So far, the cynosure of our Indian eyes has been American Indians – those Indians which are settled in America. We in India live in awe of them and continue to think how one could locate to the fantasy land. Sure their achievements are noteworthy but this ignores how Indian Indians have also achieved over the years.
Anjuli Bhargava of BS points to another emerging type – Indian Americans. These are people who live here but behave just like Americans. The trend is particularly picking up within children:
The boy has been to Disneyland three times. He eats at McDonald’s and Pizza Hut several times a month. Now he’s beginning to migrate to Wendy’s and Burger King. He wears Nike shoes. His t-shirts and clothes are mostly Polo. He celebrates Halloween and Christmas – the former with much gusto.
His favourite club is Arsenal. He knows the names, prices, clubs, family details and favourite food of his top soccer stars. Messi and Ronaldo are household names. He swears by Eminem. He has tried his hand at baseball. If he meets a boy from New York, they hit it off like a house on fire. If he meets one from Nashik, they are tongue-tied. He follows several American sit-coms. In fact, he finds it hard to do without them.
He has been to Dubai, Singapore, Thailand, Maldives and, of course, “back home” more times than he can count. The valley usually means Silicon not Kashmir. Birthdays are at the mall celebrated by taking the gang to the latest Hollywood release. It’s often followed up with a round of bowling – and ice cream is Baskin-Robbins. Who eats Kwality anyway?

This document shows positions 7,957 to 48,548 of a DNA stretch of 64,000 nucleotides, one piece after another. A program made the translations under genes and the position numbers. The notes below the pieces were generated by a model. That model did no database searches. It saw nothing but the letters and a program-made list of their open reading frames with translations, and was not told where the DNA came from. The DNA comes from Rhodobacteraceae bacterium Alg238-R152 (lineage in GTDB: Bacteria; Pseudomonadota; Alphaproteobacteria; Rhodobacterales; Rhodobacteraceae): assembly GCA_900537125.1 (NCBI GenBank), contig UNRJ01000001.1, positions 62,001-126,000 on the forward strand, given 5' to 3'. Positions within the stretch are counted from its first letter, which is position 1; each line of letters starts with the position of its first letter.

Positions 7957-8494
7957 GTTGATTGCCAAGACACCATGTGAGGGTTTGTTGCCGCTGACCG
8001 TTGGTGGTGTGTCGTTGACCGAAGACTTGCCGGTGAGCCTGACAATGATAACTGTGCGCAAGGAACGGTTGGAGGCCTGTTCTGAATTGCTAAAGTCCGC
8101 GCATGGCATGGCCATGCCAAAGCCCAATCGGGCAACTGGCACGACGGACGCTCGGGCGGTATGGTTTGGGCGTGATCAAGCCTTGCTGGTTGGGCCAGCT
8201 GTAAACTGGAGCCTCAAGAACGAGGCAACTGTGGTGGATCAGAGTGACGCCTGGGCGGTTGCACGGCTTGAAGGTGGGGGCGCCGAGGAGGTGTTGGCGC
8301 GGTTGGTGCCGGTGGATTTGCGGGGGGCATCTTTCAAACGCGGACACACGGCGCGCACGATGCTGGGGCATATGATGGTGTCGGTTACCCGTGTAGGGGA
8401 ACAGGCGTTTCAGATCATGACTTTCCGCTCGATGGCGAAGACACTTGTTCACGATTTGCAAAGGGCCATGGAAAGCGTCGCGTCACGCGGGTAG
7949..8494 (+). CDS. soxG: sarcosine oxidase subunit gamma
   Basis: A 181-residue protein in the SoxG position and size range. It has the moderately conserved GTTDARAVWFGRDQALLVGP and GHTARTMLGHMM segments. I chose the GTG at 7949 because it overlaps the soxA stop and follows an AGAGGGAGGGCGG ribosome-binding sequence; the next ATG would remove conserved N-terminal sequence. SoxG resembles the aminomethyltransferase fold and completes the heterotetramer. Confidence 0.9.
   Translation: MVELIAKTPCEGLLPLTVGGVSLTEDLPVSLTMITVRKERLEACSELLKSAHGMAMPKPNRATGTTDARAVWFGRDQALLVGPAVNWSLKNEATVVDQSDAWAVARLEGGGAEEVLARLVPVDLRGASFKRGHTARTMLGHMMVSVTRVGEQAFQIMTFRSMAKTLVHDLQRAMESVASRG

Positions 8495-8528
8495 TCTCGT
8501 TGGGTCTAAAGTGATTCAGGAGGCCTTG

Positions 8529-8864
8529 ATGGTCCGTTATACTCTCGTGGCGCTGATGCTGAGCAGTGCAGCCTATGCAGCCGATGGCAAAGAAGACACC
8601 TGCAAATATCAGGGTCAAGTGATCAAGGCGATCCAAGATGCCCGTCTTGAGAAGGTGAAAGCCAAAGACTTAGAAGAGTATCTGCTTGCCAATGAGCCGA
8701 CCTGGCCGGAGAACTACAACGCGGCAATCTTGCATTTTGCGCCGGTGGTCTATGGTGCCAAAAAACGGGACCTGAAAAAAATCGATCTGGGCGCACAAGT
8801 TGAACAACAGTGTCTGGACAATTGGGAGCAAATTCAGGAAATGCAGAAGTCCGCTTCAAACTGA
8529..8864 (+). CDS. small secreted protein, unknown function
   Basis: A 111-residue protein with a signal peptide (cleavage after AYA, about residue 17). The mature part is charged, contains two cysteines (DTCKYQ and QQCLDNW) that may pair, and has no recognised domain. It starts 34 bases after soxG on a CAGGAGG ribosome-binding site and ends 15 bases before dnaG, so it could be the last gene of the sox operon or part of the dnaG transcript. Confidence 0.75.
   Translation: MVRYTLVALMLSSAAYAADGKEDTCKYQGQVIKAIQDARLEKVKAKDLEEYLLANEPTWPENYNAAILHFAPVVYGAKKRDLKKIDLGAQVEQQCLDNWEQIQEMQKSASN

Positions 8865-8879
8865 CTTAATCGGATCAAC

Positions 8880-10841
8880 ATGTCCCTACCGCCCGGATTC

Increasingly, when I look around me, I find that parents seem to be quite happy to let their children think, talk, dress, sound, eat, behave, breathe and dream American. Strangely, many of their progeny even sound American – with accents so pronounced that you have to strain to catch some words.They are just so “cool”. Hindi is so passe that most of the affluent slick set can’t speak it to save their lives – even if they grew up in the North. They, in fact, take pride in how poor their Hindi is.
So if you cannot go to the lala land, start behaving like them. Though example of knowing soccer clubs is out of place. It would have been more apt if author used baseball as an example. Like saying these kids identify baseball players and teams with much ease than cricket players and IPL teams (though given the controversies around IPL, one might just be fine not remembering the teams)..
Earlier this fascination was to behave like British. What mattered was one’s knowledge of London and the British connection. Now the focuss has shifted to America.
Poor Hindi has always been a sign of progress. It is kind of celebrated in families. The twisted Anglicised accent of speaking Hindi has always been fashionable and indicates someone has spent considerable time abroad which is a sign of a developed individual. It is one’s schooling in so called English medium schools/Public schools which sets the position of children in society from a long time. It is so sick to realise this on growing up really. I doubt if there is any country which gives a secondary status to its main language (and languages in India’s context).